Do Chiropractors Practice in Hospitals

The full question was Are chiropractors allowed to practice in hospitals or use medical outpatient facilities? I think the real question is, why don’t chiropractors work in hospitals.

The answer is, some chiropractors do practice in hospitals, though they are few and far between. There are none here in Utah were I practice. Chiropractors have in their scope of practice the ability to order lab tests, MRIs, etc… Hospitals and labs across the nation honor this, and will perform medical outpatient procedures for chiropractors.

Here are some, of the many possible reasons chiropractors aren’t working in hospitals:

  • Doctors are trying to get out of hospitals. Hospitals tell you how you can practice even more than insurance companies do. They set your income, rather than your earnings being determined by your efforts. They set what you do and how much you will be paid for it, they are a business after all.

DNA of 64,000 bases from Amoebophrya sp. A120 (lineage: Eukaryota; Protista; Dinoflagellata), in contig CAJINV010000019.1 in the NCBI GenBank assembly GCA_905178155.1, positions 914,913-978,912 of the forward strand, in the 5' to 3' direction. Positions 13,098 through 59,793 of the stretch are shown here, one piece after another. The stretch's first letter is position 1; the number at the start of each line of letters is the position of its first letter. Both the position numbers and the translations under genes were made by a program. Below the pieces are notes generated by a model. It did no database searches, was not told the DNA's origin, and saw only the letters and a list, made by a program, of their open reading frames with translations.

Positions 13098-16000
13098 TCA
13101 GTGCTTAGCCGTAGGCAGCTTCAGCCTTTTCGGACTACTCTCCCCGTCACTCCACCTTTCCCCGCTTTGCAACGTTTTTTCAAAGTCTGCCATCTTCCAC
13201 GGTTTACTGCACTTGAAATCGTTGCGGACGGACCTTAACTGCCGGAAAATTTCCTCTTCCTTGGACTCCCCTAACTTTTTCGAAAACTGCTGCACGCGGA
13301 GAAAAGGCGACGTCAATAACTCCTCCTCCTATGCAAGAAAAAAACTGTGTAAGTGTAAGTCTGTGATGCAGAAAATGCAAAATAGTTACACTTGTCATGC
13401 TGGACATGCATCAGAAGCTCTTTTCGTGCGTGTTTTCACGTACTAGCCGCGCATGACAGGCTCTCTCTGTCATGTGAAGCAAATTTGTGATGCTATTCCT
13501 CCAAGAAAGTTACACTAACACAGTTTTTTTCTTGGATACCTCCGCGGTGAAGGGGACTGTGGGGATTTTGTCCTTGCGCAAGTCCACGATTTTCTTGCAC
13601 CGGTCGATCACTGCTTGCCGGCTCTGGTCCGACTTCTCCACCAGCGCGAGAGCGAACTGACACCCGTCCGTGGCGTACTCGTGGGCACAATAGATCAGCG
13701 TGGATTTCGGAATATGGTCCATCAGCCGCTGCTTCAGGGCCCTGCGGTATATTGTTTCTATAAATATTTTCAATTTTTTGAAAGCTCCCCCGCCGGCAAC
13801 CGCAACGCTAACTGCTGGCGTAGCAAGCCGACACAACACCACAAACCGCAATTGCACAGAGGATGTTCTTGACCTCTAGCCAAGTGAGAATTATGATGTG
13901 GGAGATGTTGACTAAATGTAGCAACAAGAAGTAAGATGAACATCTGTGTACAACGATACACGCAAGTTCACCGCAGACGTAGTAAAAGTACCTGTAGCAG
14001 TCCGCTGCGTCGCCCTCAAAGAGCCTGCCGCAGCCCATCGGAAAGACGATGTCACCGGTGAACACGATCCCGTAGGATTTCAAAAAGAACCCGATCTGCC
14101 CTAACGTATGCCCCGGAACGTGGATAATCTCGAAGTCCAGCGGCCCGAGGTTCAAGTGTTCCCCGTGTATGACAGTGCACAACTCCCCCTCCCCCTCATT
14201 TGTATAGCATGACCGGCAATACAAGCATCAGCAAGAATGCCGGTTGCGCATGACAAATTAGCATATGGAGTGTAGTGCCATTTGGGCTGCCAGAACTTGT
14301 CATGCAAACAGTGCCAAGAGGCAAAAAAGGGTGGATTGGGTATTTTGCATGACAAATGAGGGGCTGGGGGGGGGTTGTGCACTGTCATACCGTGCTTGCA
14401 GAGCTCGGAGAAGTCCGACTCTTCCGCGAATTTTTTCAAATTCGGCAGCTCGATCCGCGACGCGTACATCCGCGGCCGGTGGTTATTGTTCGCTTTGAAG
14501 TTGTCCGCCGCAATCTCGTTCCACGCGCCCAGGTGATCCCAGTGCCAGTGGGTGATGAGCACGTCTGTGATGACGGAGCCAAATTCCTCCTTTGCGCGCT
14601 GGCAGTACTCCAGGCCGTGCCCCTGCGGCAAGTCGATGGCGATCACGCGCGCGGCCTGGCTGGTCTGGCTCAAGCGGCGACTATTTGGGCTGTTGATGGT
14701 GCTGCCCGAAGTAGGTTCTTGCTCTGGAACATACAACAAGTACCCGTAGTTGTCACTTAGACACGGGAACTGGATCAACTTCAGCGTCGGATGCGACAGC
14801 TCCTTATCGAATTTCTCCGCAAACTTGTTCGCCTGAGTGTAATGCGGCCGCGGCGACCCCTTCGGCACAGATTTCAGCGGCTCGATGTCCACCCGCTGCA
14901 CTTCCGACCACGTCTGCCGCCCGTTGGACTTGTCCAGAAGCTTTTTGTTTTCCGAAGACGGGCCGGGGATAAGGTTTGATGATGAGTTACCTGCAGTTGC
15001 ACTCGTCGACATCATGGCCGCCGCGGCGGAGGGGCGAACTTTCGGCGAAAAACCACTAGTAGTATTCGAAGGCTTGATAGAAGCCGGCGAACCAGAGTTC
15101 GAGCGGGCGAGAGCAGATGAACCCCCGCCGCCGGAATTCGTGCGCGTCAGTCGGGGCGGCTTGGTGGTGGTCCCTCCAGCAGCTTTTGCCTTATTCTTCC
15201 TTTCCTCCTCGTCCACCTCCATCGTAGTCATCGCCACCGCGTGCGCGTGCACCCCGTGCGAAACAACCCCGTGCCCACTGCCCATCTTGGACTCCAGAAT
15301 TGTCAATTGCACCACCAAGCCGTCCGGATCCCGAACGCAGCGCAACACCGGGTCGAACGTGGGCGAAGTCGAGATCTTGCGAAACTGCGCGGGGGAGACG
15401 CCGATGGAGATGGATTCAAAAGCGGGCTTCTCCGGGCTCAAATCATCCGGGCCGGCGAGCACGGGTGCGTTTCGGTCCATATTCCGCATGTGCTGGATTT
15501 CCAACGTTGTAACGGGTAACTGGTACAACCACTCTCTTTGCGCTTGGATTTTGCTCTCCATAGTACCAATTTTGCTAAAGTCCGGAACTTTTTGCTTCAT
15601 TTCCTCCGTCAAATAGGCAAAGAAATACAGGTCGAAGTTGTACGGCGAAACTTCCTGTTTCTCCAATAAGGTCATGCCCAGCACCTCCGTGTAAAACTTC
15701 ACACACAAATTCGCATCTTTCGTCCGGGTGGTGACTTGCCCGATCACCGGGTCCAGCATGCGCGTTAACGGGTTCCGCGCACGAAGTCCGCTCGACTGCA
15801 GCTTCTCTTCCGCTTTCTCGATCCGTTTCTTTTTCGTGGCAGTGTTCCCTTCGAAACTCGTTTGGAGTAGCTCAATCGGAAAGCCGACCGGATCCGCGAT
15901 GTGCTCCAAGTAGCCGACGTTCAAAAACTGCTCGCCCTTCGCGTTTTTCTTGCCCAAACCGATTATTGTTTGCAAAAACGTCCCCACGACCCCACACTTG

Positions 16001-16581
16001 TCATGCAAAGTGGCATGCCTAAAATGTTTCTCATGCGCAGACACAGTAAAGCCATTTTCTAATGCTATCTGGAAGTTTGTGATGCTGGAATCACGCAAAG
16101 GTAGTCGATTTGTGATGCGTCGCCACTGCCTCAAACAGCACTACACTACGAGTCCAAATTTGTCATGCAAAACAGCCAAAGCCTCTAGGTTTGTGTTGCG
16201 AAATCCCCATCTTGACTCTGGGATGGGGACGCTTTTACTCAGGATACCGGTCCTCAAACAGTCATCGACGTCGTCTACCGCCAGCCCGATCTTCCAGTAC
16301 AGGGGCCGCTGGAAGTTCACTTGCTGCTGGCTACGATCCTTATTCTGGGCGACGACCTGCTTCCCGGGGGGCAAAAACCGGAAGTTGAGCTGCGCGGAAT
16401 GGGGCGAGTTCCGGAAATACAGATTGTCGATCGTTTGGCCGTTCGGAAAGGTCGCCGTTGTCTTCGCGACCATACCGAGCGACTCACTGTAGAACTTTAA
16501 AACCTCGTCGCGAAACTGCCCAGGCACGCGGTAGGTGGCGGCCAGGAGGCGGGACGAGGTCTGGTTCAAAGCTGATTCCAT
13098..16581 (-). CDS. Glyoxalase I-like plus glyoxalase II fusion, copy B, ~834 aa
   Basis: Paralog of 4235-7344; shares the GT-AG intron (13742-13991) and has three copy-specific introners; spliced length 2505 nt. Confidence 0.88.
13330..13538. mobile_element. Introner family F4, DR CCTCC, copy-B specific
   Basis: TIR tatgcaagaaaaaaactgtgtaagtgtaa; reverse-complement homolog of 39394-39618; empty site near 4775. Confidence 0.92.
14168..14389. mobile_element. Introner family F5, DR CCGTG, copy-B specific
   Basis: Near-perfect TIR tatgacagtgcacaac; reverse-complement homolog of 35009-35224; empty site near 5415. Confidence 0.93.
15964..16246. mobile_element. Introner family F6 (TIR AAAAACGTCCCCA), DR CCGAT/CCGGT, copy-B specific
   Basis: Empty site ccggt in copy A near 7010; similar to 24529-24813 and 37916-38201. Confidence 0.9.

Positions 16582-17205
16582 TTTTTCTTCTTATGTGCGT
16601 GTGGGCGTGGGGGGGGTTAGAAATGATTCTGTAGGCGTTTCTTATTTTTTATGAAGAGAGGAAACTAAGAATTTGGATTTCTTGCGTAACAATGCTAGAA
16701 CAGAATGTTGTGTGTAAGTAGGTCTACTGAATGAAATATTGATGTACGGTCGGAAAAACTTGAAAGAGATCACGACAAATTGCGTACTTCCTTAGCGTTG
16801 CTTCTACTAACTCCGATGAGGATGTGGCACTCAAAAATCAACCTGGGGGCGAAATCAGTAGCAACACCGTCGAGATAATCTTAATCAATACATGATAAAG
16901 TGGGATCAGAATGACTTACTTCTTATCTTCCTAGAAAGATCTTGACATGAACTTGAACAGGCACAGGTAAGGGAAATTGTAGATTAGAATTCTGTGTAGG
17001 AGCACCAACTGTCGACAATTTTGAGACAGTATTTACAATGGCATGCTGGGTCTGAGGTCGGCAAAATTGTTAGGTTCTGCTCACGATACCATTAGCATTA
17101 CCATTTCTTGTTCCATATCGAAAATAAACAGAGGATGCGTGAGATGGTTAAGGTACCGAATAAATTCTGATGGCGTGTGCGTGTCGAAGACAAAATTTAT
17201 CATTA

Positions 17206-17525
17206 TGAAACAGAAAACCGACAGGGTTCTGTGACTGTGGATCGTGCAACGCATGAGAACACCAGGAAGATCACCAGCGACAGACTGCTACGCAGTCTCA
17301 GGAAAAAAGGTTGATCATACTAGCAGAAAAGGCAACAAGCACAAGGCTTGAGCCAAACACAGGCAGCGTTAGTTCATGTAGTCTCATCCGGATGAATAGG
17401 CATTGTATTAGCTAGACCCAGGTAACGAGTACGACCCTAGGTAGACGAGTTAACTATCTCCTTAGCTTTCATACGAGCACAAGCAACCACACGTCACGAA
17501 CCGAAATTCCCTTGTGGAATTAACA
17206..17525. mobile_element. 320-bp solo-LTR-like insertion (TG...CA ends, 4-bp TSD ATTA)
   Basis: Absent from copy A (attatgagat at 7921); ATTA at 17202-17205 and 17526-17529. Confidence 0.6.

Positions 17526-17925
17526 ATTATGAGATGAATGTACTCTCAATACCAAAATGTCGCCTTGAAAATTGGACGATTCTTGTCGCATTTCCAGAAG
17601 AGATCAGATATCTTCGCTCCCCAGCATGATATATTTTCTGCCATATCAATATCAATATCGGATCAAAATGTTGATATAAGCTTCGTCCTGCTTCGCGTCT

• Politics of the past, medical doctors and chiropractors did not get along well. We are very near the end of that era, but there is still some animosity between the older generation on both sides, and it sometimes will trickle down into the younger doctors. That inhibits some from joining forces.
  • Hospitals don’t really know what to do with chiropractors. They have a structure, and chiropractors don’t fit well into it. Even if we did, they don’t know what we can do, or how to bill for it. It would take some effort to integrate a chiropractor into a medical system, and there aren’t really many models to work from.

Hospitals are always looking to improve patient satisfaction. Chiropractors have the highest patient satisfaction rating in healthcare. A way that we can improve that rating for a hospital is by offering relief and improvement where previously there was none. The two places I would begin is in the Emergency Room, and the Women’s and Children’s department.